Sunday, 14 May 2017

How To Sign a Guest Star

Jack Benny had a well-earned reputation of handing many of the laughs on his show to everyone else. It served him in good stead. It’s how he got Marilyn Monroe for his TV show at a time when heads of movie studios were sticking pins in voodoo dolls of television sets. Benny’s shrewdness helped him land movie stars, too. He coaxed Jack Warner and Sam Goldwyn to appear with him on radio and showcased them as funny, sympathetic guys who suffered by miscasting him in movies. Ego stroking never hurts in Hollywood.

Guest stars can be a good thing or a bad thing. I’ve always felt a show that starts relying on guest stars is one that’s run out of gas and needs a gimmick. The Benny show, on radio, rarely had them in the first decade with the main notable exception of Fred Allen. In the ‘40s, Benny used them pretty well. The writers found a logical reason for them to be there—Ronald and Benita Colman were neighbours, Eddie Cantor, Al Jolson and Bob Hope were vaudeville buddies, Lauren Bacall was rehearsing a movie part with him and so on. In the ‘50s, some of the hook-ups seemed strained or existed solely to plug a movie. A show with Sarah Churchill strikes me as contrived, and a two-parter with Deborah Kerr just doesn’t work for me.

Jack went for guest stars on television and, in some cases, used safe, familiar routines. Jimmy Stewart and Gary Cooper had appeared with him on radio. They showed up with their wives on TV, basically doing the Colman schtick—they were the “normal” Hollywood stars uncomfortable with, and aghast by, the boorish and socially awkward Benny. The Colmans handled the roles much better.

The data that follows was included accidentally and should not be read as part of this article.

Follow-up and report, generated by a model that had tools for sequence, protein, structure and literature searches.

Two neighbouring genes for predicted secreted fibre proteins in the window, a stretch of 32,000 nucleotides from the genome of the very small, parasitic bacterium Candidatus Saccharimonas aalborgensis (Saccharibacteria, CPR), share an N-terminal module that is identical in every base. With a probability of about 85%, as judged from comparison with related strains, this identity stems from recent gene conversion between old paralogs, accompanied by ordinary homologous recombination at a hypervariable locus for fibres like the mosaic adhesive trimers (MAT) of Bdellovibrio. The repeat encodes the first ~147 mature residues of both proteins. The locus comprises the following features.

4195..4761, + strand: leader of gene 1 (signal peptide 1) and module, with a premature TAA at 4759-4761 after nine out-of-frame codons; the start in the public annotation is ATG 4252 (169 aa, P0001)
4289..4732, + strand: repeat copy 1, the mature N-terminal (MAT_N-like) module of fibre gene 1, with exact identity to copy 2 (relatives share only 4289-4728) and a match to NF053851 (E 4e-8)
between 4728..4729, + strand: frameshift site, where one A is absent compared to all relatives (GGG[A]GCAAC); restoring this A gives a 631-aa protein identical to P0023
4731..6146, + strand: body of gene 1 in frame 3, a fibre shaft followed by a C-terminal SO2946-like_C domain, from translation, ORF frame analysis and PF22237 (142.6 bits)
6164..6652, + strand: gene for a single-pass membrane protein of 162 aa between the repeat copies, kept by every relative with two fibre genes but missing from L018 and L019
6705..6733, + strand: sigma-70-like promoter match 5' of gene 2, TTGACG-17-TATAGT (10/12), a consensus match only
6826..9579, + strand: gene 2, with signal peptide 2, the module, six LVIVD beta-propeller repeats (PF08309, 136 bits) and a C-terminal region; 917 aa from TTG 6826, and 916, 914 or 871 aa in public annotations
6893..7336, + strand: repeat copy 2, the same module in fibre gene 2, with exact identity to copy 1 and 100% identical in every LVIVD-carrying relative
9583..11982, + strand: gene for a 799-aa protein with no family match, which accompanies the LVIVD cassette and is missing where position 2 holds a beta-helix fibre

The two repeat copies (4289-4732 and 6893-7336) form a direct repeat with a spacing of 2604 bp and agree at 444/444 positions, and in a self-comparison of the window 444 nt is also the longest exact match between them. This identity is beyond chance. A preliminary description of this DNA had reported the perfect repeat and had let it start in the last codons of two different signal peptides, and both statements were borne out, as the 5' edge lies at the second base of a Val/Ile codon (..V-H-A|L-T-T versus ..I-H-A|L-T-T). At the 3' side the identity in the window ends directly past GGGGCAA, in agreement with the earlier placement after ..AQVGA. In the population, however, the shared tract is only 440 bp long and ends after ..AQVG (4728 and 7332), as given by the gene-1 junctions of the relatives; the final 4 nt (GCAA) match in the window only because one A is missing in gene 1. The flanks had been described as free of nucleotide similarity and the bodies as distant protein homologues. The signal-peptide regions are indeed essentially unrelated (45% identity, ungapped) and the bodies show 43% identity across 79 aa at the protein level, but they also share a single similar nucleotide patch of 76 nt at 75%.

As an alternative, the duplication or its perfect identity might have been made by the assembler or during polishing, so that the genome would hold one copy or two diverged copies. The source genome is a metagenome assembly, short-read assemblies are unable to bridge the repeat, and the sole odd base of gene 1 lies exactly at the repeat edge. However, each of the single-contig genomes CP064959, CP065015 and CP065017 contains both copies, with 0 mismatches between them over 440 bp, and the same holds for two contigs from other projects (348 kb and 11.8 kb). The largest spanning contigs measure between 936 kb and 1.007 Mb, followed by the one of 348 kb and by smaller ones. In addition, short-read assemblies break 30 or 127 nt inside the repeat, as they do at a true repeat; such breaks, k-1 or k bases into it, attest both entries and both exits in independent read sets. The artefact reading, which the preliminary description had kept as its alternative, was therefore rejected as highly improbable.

Here’s a story from the New York Herald Tribune of March 13, 1960 talking about how Benny treated his guest stars. And he again gripes about interviewers asking about his Maxwell and “being 39.” To me, the “39” question is a logical one and the Maxwell is an ice-breaking joke, but perhaps Jack heard them so many times (he was constantly giving interviews, it seems), that he was tired of it.

Jack Benny:
Still Fiddling Around
By Joe Hyams

THE other day I was sitting at lunch with Jack Benny, trying to puzzle out what it is about his shows that make them almost consistently good entertainment. Mr. Benny was being modest about it all, but finally when the conversation got on to his next spectacular, he gave me what I think is the key to his success. “It’ll be different,” he said, “otherwise I’d go nuts and get in a rut.”
The point is, Jack Benny’s show, more than any other on television, seems to be tailored to his personality and his likes and dislikes. I guess that’s a formula of sorts, and as long as it is successful and good, I doubt that Jack will change it.
The show, as most any viewer must know, consists of Jack and a couple of carefully chosen guests. On the coming CBS-TV spectacular, for example, the guests will be Phil Silvers and Polly Bergen, making a balance Jack likes: another man and a woman, preferably a singer.
Generally Jack has an idea which he presents to his guests in advance, rather than getting the guest and then the idea. For instance, one of Jack’s favorite guests was Gary Cooper.
A Coup on Cooper
“Three years ago Coop’s wife, Rocky, came to me at a party,” Jack recalled. “She said Gary wouldn’t mind being on the show. Well, who wouldn’t jump to have Gary Cooper, so I thought of a way of presenting him. At lunch a few weeks later I outlined the idea to him, then realized it wouldn’t come off. Two years later I had a terrific idea and asked him to come on with Rocky. He did, and it was one of our best shows.